CHARLESTON, S.C. — Tropical Depression Beryl was heading back toward the ocean early Wednesday as it brought rains to South Carolina.
The depression's maximum sustained winds had increased to near 35 mph (55 kph). Additional strengthening was expected and the U.S. National Hurricane Center said Beryl could regain tropical storm strength later in the day.
Beryl was expected to dump up to 6 inches of rain, with isolated amounts of 8 inches, in northeastern South Carolina and eastern North Carolina.
By 5 a.m. Wednesday, the depression was centered about 25 miles (40 kilometers) north-northeast of Charleston, S.C., and was moving east-northeast near 14 mph (22 kph). On that track, forecasters said the depression was expected to skim along the South Carolina coast before moving back over the Atlantic.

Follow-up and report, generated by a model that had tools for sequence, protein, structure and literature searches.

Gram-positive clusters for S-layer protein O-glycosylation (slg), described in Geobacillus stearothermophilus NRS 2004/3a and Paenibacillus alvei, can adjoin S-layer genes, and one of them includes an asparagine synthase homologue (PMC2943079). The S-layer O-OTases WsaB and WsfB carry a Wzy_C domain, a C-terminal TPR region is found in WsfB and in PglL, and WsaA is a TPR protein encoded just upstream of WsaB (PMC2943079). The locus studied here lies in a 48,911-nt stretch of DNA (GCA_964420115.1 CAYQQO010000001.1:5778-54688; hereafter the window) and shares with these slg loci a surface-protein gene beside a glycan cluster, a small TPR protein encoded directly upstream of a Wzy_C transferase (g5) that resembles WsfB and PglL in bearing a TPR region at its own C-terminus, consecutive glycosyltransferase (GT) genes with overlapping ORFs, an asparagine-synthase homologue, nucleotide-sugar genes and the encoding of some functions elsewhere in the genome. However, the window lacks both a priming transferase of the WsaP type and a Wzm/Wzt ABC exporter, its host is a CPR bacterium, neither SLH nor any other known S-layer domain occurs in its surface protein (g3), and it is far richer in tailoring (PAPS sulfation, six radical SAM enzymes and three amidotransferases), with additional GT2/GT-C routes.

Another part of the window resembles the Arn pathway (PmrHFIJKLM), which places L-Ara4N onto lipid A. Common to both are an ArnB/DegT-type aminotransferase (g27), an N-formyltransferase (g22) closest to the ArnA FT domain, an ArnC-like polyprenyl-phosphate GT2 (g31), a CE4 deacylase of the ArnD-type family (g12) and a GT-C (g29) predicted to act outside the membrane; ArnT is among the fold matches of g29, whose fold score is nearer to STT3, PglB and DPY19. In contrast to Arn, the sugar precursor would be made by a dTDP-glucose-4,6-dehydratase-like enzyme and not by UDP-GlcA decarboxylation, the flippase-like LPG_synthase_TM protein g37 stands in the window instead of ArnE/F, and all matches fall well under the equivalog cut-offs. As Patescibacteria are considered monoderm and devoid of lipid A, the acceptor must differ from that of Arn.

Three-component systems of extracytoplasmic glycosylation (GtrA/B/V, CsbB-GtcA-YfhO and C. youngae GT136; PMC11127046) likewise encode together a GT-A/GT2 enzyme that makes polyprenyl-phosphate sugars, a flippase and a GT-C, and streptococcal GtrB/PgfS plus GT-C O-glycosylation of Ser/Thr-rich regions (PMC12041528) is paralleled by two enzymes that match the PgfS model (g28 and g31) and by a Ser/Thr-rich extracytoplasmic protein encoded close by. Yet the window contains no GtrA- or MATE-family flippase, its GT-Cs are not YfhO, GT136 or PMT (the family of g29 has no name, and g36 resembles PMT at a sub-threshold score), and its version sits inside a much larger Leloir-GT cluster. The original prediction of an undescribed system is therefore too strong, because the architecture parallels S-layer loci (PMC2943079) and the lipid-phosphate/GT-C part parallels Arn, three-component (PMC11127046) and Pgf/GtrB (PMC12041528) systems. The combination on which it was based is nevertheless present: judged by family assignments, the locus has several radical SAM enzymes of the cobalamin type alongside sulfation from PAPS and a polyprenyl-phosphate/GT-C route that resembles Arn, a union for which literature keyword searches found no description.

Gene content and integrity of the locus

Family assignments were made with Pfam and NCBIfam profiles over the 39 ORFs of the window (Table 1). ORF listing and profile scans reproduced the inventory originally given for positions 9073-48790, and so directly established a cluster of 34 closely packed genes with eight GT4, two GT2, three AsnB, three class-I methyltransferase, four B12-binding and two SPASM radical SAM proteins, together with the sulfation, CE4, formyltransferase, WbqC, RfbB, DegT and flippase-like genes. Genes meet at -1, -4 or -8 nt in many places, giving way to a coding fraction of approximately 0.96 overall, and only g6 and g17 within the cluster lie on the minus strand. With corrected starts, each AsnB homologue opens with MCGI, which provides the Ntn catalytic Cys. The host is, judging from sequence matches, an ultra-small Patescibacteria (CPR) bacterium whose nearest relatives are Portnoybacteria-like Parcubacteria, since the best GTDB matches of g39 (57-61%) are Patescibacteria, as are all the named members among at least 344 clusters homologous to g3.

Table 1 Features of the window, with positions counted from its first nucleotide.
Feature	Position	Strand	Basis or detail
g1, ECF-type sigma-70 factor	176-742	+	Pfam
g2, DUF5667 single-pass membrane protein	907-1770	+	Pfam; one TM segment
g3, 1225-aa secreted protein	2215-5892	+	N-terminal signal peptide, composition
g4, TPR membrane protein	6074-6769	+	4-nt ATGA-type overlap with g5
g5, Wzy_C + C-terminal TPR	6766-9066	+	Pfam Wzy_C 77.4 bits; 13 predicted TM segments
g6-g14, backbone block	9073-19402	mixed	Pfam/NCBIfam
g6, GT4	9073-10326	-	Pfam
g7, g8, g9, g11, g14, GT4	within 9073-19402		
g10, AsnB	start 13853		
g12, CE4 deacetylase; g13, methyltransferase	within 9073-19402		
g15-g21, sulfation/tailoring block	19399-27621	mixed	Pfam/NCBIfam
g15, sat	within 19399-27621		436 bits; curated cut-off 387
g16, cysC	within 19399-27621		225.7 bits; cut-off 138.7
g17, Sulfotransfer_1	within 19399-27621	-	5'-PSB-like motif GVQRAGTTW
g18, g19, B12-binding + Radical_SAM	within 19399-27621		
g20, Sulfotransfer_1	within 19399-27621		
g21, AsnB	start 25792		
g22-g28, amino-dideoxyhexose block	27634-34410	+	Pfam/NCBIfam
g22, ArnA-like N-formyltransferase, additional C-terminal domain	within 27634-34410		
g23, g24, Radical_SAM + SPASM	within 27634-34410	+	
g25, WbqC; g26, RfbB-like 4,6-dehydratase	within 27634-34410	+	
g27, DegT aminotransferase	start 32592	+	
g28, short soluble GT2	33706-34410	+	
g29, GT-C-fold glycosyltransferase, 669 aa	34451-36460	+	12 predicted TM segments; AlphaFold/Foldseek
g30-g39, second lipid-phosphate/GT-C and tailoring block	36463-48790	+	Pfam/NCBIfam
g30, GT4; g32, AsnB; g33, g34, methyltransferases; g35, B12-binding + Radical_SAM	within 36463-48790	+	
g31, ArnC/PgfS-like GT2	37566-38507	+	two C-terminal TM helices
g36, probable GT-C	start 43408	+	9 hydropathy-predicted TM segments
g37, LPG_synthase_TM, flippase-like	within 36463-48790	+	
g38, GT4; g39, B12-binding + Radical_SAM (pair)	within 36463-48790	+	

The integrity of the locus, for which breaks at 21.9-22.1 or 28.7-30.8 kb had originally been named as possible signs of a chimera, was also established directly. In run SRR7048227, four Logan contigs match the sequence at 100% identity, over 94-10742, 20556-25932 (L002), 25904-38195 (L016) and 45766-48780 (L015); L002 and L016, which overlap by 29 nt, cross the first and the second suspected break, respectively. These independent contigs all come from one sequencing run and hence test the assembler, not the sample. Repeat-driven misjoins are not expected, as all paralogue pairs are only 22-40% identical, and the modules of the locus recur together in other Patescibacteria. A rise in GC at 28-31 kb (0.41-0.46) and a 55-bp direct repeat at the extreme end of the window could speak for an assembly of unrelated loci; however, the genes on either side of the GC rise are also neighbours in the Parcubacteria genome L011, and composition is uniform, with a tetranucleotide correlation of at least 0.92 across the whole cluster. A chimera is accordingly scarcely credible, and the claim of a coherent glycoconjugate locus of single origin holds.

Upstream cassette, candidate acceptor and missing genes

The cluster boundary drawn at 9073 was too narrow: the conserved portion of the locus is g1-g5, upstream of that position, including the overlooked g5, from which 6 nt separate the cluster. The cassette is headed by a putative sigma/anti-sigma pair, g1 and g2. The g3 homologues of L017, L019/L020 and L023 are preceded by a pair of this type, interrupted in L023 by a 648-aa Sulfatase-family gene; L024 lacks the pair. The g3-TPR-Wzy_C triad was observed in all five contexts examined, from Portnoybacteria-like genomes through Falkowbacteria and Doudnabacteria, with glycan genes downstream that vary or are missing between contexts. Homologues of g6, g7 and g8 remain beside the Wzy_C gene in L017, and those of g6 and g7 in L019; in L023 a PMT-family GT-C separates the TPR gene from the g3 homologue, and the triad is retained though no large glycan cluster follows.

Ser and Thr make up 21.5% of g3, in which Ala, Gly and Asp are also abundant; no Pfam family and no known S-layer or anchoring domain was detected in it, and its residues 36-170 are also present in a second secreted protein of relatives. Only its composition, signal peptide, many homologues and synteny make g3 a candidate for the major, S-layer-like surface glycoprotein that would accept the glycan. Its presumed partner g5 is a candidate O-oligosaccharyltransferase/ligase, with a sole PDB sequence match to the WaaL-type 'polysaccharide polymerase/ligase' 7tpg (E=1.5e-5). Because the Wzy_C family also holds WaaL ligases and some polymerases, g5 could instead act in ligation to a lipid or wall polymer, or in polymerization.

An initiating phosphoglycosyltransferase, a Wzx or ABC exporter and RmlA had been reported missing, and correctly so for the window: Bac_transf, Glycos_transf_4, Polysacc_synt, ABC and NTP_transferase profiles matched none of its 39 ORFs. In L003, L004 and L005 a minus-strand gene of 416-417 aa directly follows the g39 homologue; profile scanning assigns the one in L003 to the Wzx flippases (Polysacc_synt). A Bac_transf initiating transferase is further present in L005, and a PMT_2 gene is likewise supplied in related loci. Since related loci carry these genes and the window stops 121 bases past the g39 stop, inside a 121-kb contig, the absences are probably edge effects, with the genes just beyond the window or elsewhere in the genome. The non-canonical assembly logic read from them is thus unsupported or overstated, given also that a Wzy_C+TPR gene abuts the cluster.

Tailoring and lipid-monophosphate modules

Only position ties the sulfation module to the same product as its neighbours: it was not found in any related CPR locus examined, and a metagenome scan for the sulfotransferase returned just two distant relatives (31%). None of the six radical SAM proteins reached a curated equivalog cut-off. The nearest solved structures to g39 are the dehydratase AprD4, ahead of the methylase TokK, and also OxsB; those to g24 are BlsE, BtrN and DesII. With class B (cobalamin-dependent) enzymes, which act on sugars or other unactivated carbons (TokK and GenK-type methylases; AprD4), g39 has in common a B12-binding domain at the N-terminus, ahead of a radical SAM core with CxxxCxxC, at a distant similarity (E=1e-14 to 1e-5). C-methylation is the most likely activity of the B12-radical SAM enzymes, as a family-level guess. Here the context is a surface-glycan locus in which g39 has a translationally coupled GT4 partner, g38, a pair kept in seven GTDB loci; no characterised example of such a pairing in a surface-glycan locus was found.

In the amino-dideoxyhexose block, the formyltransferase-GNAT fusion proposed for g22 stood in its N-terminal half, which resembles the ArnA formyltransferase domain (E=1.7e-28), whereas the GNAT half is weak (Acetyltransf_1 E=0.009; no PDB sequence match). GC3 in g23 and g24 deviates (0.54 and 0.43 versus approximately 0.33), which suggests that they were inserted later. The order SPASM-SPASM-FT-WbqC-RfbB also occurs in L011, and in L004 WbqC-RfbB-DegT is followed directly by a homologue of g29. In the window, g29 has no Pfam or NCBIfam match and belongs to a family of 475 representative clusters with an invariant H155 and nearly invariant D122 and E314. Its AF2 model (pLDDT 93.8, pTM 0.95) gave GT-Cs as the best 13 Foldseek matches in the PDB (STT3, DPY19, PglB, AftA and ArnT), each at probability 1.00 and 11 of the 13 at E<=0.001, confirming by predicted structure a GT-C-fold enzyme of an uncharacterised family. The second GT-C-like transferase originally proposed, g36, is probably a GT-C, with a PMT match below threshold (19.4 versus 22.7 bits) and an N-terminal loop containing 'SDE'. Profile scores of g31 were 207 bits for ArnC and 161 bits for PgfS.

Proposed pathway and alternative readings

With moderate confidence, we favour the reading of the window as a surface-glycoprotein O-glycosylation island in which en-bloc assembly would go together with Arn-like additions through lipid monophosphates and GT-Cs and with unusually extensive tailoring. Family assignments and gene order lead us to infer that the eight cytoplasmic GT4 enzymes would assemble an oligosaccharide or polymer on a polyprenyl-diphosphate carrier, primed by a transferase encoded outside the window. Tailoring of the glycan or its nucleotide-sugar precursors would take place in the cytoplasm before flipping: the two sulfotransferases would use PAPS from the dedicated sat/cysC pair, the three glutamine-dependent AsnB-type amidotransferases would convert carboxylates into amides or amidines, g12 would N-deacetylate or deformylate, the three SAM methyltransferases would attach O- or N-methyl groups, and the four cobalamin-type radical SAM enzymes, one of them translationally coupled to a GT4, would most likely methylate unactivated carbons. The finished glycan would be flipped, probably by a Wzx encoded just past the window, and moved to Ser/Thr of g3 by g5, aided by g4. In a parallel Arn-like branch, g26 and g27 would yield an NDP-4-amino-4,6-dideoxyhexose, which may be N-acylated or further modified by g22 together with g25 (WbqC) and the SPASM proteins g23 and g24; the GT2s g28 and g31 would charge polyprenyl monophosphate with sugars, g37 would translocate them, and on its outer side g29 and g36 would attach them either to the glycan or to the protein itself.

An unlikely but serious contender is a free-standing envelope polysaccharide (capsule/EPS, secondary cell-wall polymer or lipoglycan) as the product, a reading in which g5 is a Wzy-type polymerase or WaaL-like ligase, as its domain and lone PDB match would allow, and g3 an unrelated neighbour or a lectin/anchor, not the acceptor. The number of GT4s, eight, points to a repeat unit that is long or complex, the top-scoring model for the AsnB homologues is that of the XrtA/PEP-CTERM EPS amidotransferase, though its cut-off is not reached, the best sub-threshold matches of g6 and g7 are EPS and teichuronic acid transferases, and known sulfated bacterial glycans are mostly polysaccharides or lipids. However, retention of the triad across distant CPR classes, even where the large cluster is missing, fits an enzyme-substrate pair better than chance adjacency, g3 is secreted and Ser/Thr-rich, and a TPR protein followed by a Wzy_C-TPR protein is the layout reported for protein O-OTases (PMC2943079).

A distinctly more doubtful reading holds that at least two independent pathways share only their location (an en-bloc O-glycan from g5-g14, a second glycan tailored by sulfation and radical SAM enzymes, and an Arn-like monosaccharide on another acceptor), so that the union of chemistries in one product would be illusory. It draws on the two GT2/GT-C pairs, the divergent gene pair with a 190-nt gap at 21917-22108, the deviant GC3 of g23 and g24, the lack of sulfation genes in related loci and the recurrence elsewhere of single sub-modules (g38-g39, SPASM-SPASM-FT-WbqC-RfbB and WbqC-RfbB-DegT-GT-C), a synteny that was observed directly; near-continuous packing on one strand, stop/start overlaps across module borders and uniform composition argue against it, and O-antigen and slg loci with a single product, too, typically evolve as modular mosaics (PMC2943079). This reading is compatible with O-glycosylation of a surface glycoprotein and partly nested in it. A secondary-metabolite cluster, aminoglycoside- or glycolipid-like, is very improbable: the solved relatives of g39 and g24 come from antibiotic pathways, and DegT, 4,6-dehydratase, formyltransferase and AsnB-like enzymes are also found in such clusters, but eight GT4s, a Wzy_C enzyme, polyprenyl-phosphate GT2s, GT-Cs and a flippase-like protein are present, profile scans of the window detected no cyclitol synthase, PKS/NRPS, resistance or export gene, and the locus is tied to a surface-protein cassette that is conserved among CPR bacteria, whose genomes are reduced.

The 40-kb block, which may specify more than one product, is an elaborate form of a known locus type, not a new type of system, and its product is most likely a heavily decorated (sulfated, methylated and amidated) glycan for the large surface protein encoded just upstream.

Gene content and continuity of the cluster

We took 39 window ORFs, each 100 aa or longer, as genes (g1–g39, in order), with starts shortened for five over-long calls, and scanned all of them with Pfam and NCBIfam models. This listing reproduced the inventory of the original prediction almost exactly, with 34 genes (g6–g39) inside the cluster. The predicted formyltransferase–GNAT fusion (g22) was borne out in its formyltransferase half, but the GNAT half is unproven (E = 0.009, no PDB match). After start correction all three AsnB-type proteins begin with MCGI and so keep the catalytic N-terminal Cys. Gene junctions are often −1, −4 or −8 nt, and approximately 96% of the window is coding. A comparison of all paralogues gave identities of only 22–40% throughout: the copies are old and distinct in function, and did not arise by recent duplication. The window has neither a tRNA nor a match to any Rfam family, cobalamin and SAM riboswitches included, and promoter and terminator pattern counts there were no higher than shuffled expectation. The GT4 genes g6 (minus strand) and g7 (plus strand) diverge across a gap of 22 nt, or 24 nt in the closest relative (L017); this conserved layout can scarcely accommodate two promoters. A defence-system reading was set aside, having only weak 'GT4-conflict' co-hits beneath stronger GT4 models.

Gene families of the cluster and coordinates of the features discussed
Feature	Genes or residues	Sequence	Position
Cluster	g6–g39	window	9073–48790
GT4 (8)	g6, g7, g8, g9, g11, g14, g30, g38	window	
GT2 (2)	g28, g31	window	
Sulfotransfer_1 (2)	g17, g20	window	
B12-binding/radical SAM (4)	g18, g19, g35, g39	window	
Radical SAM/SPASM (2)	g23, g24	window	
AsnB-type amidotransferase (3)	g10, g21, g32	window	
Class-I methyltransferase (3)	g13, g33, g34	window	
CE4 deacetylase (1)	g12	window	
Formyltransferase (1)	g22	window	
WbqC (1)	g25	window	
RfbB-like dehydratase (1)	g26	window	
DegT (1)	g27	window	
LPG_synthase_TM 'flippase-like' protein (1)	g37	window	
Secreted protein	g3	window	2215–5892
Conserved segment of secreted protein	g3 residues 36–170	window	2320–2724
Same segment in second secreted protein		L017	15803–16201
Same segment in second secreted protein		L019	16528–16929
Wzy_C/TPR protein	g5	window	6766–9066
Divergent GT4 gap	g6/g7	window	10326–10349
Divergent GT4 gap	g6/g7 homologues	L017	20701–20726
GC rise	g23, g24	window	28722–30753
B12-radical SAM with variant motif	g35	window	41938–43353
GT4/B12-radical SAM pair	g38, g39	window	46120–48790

The forecast from the National Hurricane Center said Beryl could regain tropical storm strength off the coast of the Carolinas on Wednesday. But even so, tropical storm force winds were expected to stay offshore so no coastal warnings had been posted.
Beryl sloshed ashore near Jacksonville, Fla., on Memorial Day as a tropical storm. It is the second named tropical system of the 2012 Atlantic Hurricane season that doesn't officially begin until Friday.